Seashells are made by organisms called molluscs, Gastropods have a single, coiled shell, while bivalves
which are soft-bodied invertebrates. Molluscs have have two shells, or valves, that fit together. Together
these two groups are very diverse; there are around
an organ called the mantle that secretes, or builds,
80,000 gastropod species, and around 9,000 bivalve
the shell. The mantle covers the mollusc like a roof
covers a house, and the word is originally from the
Latin mantellum: a cloak. While it might seem like a difficult task to differentiate
all these species, there are many tools that can help us.
Not every mollusc lives in a shell- for example, squids These include dichotomous keys: step-by-step guides
have a reduced internal shell, and octopuses have lost that we can follow to identify an organism. When using
their shell entirely. dichotomous keys, you pick a particular creature or part
Most of the shells we see on the beach are made by two of a creature (here, a shell), start at step 1 and follow
groups of molluscs: bivalves and gastropods. Gastropods the instructions.
include organisms like snails and slugs, while bivalves

Queensland Museum Network | Future Makers Resource | Shell Classification | 1

Before you start
Apex or protoconch
using the key,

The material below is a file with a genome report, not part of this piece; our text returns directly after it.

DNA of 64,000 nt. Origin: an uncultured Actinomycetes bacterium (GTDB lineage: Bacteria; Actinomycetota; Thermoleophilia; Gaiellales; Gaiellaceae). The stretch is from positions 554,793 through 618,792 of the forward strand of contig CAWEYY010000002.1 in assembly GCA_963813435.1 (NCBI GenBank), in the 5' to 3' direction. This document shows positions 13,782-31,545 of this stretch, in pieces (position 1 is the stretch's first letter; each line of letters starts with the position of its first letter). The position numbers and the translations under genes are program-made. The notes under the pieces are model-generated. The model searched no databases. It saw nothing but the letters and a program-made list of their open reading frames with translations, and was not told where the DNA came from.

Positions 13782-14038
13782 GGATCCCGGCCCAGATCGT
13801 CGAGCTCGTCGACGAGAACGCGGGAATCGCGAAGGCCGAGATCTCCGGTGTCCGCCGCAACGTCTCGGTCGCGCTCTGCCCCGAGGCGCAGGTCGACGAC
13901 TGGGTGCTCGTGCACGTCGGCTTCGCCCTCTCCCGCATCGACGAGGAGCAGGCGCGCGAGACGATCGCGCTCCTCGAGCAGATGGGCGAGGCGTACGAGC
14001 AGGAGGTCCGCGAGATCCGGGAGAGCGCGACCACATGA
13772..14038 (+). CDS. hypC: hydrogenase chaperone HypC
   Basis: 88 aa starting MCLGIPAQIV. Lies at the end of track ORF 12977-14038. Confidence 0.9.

have a look at the
figures below to
familiarise yourself
with different parts
of gastropod and
bivalve shells.

front view of shell


Columellar folds Outer lip

internal view of valve external view of valve
Umbo or beak

Radial ribs

Queensland Museum Network | Future Makers Resource | Shell Classification | 2

Dichotomous Key for Queensland Museum Reef Invertebrate Classification Loans Kit/Shell Cards
Please note that every dichotomous key is different. the shells in the Queensland Museum Reef Invertebrate
This key cannot be used as a general shell identification Classification Loans Kit, and the Queensland Museum
guide, because it has been developed specifically for Shell Cards.

1a Single shell (gastropod) go to 2 9a Valves have greater width than Go to 10

(see image)
1b Two shells (bivalve) go to 9
9b Valves have similar width and Go to 11
2a Shell has spiky projections along Spider Conch (roughly circular shape)
outer lip Lambis lambis 10a Projecting sculpture present along Fluted
external sides (see image) Giant
2b Shell does not have spiky go to 3
projections along outer lip
Tridacna squamosa
3a Aperture of shell lined with “teeth” go to 4
(see image) 10b Projecting sculpture absent Strawberry Clam
along external sides Hippopus hippopus
3b Aperture of shell not lined with go to 5
“teeth” 11a Radial ribs present on external sides Go to 12

4a Shell is covered in dark brown spots Tiger Cowry

Cypraea tigris 11b Radial ribs absent on external sides Go to 14

4b Shell is brown with dark brown Arabian Cowry

multi-lined pattern Cypraea arabica 12a Auricles absent at umbo Orange Cockle
5a Shell has highly extended spire Spotted Augur vertebratum
Terebra maculata 12b Auricles present at umbo Go to 13
5b Shell does not have highly extended go to 6